# Bit packing

I came across this fun little way to pack together a few integers into one and extract data from that integer. This way, you save a few bytes! It may not seem so significant to someone like a backend developer because saving a few bytes may not matter much. Bitpacking is commonly used by people who develop programs for embedded systems. You need to make sure you use the least amount of memory possible since resources are limited. It is also used in data compression algorithms. You can also find it being used in implementing protocols such as the Internet Protocol. In this case, you need to make sure that the fields in the packet's headers are a stream of packed integers. This basically means that the fields in headers should be stored next to each other in memory.

Okay, let's get to the fun part. I will explain this using an example. Let's say you need to store details of products of an e-commerce site. You will need to hold the product weight in grams, the type of product and cost. Of course, we also need to have the product name, seller details, etc. But for the sake of simplicity, let's consider only those three.

```weight = 1000
type = 2 # Lets say type 1 - edibles, type 2 - electronics, type 3 - others
cost = 3500
```

We have 3 integers. A typical integer is 4 bytes, so these variables combined take a total of 12 bytes.

Before packing these together, we need to decide on the bit structure. For example, let's say the binary for the packed integer looks like this. The W's hold the binary form of the weight, the T's hold the binary form of the type and the C's hold the binary form of the cost.

Since we have 10 W's, we restrict the maximum weight to 1023 (the binary form of 1023 is ten 1's).

Similarly, maximum type is 3 (the binary form of 3 is two 1's), and maximum cost is 4095 (the binary form of 4095 is twelve 1's). Now let's pack it to a single integer using simple bit manipulation.

```product = weight
product = product << 2
product = product | type
product = product << 12
product = product | cost
```

Hmm, what just happened here? Let's break this down.

First, we assigned `weight` to `product`. `product` has the value `1000`, binary form of product now is `0b1111101000`

Then `product` is left-shifted by two and is assigned to itself. Left shift basically adds zeros at the end in the binary form of the number. So the binary form of `product` is now `0b111110100000` (Just added two zeros at the end of `bin(1000)`).

Next, we applied OR to `product` and `type` and assigned it to `product`. What does that do?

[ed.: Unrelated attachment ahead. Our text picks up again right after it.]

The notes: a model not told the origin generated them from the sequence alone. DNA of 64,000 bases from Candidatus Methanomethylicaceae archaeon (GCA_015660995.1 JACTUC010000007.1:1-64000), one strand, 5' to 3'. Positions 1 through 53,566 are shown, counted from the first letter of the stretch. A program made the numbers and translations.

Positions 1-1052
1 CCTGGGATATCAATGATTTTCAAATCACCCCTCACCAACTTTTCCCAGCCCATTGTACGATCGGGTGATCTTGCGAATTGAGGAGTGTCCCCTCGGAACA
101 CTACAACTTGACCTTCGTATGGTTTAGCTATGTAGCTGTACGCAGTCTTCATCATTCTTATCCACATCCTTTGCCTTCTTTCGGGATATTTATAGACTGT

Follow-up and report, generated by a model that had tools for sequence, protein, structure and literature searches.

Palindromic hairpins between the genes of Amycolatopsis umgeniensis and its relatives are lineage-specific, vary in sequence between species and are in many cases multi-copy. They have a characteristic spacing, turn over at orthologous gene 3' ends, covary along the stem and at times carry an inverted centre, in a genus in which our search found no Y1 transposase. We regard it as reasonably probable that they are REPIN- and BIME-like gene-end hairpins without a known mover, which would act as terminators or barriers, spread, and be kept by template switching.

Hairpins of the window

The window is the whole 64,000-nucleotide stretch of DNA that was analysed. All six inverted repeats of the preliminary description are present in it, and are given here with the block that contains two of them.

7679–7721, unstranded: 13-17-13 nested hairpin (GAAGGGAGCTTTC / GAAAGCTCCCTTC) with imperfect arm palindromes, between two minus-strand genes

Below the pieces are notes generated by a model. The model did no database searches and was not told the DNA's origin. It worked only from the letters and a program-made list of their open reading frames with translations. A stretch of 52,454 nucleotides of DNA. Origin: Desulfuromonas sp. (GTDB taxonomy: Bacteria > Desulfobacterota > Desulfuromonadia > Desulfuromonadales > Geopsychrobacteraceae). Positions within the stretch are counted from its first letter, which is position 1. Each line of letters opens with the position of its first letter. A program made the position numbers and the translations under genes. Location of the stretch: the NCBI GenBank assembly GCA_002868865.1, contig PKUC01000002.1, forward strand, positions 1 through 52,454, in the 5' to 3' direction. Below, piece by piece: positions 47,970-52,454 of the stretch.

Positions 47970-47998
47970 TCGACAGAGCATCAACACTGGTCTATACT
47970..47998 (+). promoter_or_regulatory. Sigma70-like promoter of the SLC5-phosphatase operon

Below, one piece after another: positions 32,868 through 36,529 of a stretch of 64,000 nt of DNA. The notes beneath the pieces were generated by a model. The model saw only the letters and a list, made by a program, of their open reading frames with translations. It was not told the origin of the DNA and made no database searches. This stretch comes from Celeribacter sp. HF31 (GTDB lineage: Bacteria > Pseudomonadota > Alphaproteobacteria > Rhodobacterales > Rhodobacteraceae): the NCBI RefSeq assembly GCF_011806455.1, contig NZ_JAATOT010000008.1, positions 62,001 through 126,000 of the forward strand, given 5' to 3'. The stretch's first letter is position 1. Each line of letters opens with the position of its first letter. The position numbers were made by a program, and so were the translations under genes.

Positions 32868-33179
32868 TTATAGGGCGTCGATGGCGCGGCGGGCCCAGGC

After we left shifted two times to add the 2 zeros at the end, using OR we added `type` to the `product` variable. In the above image, the first 10 binary digits converts to 1000, which is the `weight`. The next two binary digits, `10` is basically the type, which has the value 2.

Similarly, we append the `cost` in the same way to `product`. `cost` can hold a maximum of 4095, which is 12 binary digits, so we left shift 12 times. Then we use OR to put the `cost` in `product`. The binary form of `product` now looks like this.

The value of `product` is now 16395692. Which is just one single integer of 4 bytes. We just saved 8 bytes from the initial 12 bytes used to store 3 integers. 66.667% compression 😊

But wait, how do I get those values of weight, type and cost back? Let's see how

```weight = product >> 14
type = (product >> 12) & 0b11
cost = product & 0b111111111111
```

Right shift removes the least significant bit (rightmost). By removing the 14 such bits, we remove the cost and type bits and are left with only the weight bits. Then to get type, we first remove 12 bits (cost) and apply a mask to get the type. Since the type is just 2 bits, we use 0b11 as a mask that filters out the type bits alone.

We do the same to get cost with 0b111111111111 as a mask since cost is 12 bits.

Voila! We have successfully compressed and also unpacked stuff using simple bit manipulation. Implementing this in C++ is easy.

```struct product {
unsigned int weight: 10;
unsigned int type: 2;
unsigned int cost: 12;
} prod;

prod.weight = 1000;
prod.type = 2;
prod.cost = 3500;

cout<<prod.cost;
```

`unsigned int weight: 10` is called a bitfield. It is a 10-bit long int variable. We can pack custom bit length variables such as these as shown above.

This looks more readable than the python method, which I explained above. But if you want to strictly use python but still want the readability and speed of C++ you can use the ctypes module. More on that in another article!

Cover photo credits: Alexander Sinn

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